Jeffrey: Venture capital funds get compensated through a management fee on the capital that is committed to the fund and what is called carried interest. Carried interest is the profit on an investment that is made from the fund. For example, if Arcview Ventures or the Arcview Collective Fund puts 250,000 into a deal, and five years later, that deal exits and the fund gets a million dollars for its 250 investment. It has $750,000 of profit. That profit is split between the limited partners in the fund and the managers of the fund. That profit is called the carried interest.

Matthew: I heard a story on where that name originated from. It was when royalty or wealthy merchants would finance a ship, let's say from New York to London. If queen Victoria sponsors it, she gets a 20% carried interest. If she ensures it's safe voyage to get from harbor to harbor, she would get part of that cargo as her carried interest, let's say. Is that true? Do you know if that's where that term came from?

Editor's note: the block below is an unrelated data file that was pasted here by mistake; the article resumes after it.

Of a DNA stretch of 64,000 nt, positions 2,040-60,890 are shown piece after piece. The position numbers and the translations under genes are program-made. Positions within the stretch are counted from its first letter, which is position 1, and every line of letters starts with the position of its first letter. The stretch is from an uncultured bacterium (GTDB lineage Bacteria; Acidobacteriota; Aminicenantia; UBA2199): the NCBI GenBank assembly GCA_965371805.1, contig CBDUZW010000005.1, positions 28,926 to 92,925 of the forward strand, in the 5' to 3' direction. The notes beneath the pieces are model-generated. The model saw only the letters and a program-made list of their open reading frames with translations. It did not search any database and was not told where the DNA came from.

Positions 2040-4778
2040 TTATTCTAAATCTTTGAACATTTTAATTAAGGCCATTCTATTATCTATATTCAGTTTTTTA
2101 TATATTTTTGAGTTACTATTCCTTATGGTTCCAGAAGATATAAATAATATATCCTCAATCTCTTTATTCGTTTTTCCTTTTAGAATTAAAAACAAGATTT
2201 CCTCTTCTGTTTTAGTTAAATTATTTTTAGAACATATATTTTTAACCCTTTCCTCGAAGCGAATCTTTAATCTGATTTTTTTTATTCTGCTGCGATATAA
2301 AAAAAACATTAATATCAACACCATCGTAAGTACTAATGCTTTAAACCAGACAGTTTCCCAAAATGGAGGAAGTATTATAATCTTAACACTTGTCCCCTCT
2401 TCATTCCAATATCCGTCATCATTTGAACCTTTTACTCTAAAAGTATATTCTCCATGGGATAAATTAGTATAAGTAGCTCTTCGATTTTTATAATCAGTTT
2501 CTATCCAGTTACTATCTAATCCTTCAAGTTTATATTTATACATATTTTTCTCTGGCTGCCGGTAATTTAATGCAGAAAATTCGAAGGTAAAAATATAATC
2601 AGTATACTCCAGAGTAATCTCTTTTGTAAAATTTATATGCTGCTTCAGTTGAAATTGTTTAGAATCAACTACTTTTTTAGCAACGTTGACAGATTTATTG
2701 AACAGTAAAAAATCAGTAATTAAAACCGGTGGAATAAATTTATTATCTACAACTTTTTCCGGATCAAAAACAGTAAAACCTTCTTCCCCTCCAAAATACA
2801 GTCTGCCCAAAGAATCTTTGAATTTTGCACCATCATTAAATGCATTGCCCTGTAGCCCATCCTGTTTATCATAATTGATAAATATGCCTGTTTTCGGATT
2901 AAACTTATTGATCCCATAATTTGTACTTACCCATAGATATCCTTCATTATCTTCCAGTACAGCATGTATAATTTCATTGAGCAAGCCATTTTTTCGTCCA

Jeffrey: No, I haven't heard that story, but I think, in many ways, that's what we do as fund managers, is ensure the success of the companies that we're involved in.

Matthew: Tell me how many people are involved in this now in Arcview Ventures, limited partners, general partners? Can you give me a sense there?

Jeffrey: We started with 15 members on our first close, we're now up to 55. Each member is part of the limited partnership and the general partnership. However, not all members sign up for the committees that direct the way in which the fund operates.